Evolution of the Big Pond

In early October 2015 I found myself standing on a platform ladder in a high desert lake. After releasing a fish that only a few years ago did not really exist, I thought to myself, “I can’t believe it’s been over 15 years since I started fishing here and how much my life has changed because of this lake!” Then I started thinking how much the lake itself had changed. What a gift to have this place so close to home and to have the desire to share my knowledge of it with others. I am (now) grateful to have the opportunity to tell a story of how it has unfolded and thanks to the generosity of other anglers who have shared their secrets, creations and ideas that have made fly fishing at Pyramid Lake what it is today.

Evolution of the Lake

Located 30 miles East/North East of Reno Nevada, Pyramid Lake rests within the boundaries of the Pyramid Lake Paiute Indian Reservation. The huge Lahontan Cutthroat Trout that roam its waters attract anglers from all over the world on a yearly basis. The lake has experienced many changes during the course of its natural history and almost as many in fly fishing equipment, techniques and fly patterns.  

Pyramid Lake is a remnant of the once expansive Lake Lahontan that encompassed 83,000 square miles stretching across Northern Nevada, California and Idaho as far back as the Ice Age. Evaporation caused by climate changes eventually reduced Lake Lahontan into the now smaller high desert lakes we know now as Pyramid Lake, Walker Lake, Honey Lake, Winnemucca Lake, The Humboldt Sink and the Carson Sink hundreds of years ago. The latter three are dry now with Honey Lake going through periods of no water. Today the Truckee River Drainage provides Pyramid its main source of water. 

 

Evolution of the Fish

Pyramid Lake is home to the Lahontan Cutthroat Trout, the largest subspecies of Cutthroat Trout. Although the fish have roamed its waters for generations the present day fish have endured many changes through the years. At one time the lake was a commercial fishery supplying fish that fed the mining towns, railroad camps and cities like San Francisco as recently as the mid 1930’s. As farming became more widespread and local towns and cities grew, the need for water increased. Diversion dams were built along the Truckee River to carry water to local farms and communities. These dams along with evaporation lowered the lake level almost 80 feet in 10 years, cutting off the spawning grounds in the Truckee River. By the late 1930’s, Pyramid Lake was devoid of Cutthroat Trout  leaving the Cui Ui (a native sucker) and a large minnow called Tui Chub, which have always spawned successfully in the lake itself as the only fish to live in the lake.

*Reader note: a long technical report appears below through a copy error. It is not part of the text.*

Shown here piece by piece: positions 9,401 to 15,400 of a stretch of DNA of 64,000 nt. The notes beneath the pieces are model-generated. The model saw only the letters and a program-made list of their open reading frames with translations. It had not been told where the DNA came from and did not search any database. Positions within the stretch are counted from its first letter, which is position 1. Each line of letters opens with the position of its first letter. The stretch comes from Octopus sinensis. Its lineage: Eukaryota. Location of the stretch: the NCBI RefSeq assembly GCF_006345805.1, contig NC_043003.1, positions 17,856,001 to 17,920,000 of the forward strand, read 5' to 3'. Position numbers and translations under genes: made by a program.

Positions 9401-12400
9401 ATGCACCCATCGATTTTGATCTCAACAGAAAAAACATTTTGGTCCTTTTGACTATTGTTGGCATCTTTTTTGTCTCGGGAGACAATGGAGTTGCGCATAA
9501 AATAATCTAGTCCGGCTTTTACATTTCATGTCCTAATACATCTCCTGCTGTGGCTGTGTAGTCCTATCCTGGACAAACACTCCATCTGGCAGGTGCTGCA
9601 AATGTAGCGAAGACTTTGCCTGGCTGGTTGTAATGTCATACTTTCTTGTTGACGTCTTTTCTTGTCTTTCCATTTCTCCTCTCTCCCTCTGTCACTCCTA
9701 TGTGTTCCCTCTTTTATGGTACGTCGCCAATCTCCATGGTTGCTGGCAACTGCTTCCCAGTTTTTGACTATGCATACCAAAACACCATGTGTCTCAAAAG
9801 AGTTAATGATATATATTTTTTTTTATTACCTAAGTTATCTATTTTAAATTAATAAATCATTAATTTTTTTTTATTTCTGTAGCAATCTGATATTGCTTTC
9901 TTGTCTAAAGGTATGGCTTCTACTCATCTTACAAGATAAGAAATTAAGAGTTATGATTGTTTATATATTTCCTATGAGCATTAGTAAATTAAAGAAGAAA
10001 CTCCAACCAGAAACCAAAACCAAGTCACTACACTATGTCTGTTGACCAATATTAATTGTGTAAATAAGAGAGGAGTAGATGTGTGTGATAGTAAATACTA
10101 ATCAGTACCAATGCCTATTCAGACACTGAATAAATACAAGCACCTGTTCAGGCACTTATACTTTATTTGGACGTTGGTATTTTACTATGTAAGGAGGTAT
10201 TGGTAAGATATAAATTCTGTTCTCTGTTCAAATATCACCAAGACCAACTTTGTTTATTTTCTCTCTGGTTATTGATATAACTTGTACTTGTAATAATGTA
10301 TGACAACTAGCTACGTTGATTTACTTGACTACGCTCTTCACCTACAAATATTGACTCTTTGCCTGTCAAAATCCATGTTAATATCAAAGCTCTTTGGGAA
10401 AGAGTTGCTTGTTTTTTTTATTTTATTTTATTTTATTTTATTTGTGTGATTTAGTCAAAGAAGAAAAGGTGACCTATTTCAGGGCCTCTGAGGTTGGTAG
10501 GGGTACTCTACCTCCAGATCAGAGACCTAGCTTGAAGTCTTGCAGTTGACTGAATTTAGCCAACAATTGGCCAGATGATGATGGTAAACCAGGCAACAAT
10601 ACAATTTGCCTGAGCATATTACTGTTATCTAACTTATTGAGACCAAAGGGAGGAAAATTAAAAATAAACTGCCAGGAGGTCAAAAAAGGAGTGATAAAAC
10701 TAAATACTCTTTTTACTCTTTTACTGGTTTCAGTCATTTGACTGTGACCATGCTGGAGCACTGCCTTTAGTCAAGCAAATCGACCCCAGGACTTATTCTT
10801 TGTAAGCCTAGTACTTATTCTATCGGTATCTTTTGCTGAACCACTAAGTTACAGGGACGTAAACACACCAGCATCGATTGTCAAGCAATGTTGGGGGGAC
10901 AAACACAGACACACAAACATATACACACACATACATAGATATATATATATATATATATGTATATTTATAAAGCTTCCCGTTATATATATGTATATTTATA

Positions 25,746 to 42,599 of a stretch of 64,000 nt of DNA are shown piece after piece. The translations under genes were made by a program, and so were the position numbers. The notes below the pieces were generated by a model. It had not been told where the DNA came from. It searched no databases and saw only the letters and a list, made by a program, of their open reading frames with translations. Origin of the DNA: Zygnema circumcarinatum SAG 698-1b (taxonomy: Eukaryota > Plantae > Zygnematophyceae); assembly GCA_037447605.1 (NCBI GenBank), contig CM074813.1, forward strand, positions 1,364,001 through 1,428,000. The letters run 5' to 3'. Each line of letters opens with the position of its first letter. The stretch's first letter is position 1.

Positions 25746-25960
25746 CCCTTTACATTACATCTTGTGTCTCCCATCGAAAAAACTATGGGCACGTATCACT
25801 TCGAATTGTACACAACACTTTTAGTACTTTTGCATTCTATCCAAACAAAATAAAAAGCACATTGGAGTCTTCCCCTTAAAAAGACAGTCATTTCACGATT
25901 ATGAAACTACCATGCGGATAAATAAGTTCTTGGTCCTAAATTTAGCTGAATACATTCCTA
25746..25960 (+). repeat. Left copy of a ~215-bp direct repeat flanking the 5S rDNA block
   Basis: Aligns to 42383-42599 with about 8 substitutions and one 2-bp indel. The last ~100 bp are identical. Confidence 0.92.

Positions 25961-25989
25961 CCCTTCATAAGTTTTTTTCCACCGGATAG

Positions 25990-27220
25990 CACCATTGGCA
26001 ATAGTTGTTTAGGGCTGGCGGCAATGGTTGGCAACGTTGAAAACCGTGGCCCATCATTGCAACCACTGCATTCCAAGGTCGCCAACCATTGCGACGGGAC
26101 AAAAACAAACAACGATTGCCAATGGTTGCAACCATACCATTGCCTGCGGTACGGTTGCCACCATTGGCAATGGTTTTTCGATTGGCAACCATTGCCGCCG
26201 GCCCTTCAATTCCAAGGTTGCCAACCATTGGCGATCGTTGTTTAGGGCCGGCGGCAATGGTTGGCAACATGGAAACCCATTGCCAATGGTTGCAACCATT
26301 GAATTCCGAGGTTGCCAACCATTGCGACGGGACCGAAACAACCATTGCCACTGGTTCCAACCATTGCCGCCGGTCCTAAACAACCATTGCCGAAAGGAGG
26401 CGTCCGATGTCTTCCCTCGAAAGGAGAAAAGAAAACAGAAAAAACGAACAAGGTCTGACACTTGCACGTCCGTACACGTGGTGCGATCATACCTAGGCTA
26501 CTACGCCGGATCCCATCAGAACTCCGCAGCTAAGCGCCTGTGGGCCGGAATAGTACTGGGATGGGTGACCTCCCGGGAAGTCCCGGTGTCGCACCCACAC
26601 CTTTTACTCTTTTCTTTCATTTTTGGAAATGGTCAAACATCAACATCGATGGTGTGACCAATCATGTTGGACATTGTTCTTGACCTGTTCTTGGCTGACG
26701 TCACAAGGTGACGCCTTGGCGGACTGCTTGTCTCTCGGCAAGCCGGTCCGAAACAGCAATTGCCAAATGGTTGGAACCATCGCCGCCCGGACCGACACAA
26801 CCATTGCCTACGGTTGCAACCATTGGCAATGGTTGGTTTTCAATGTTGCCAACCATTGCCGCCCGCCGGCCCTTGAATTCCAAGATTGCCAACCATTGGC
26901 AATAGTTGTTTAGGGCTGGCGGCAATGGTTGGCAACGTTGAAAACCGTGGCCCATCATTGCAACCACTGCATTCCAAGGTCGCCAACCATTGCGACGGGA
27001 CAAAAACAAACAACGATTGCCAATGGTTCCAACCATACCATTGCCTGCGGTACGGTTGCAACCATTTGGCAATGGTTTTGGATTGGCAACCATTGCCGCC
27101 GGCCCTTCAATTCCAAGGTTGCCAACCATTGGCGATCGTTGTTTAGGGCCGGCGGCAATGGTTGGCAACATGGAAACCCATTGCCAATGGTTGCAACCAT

Finally in the early 1940’s a hatchery program restored the Lahontan Cutthroat Trout to Pyramid Lake. By way of a smaller lake called Summit Lake, the Summit Lake strain of Lahontan Cutthroat Trout were transplanted and have thrived in Pyramid Lake since the restocking. Today three hatcheries, one run by U.S. Fish and Wildlife in Gardnerville Nevada and two on the reservation are responsible for the Cutthroat Trout that are planted back into the lake. Until recently, the Summit Lake Strain of Lahontans were thought to be the original strain of fish that lived in the lake before dying off in the 30’s.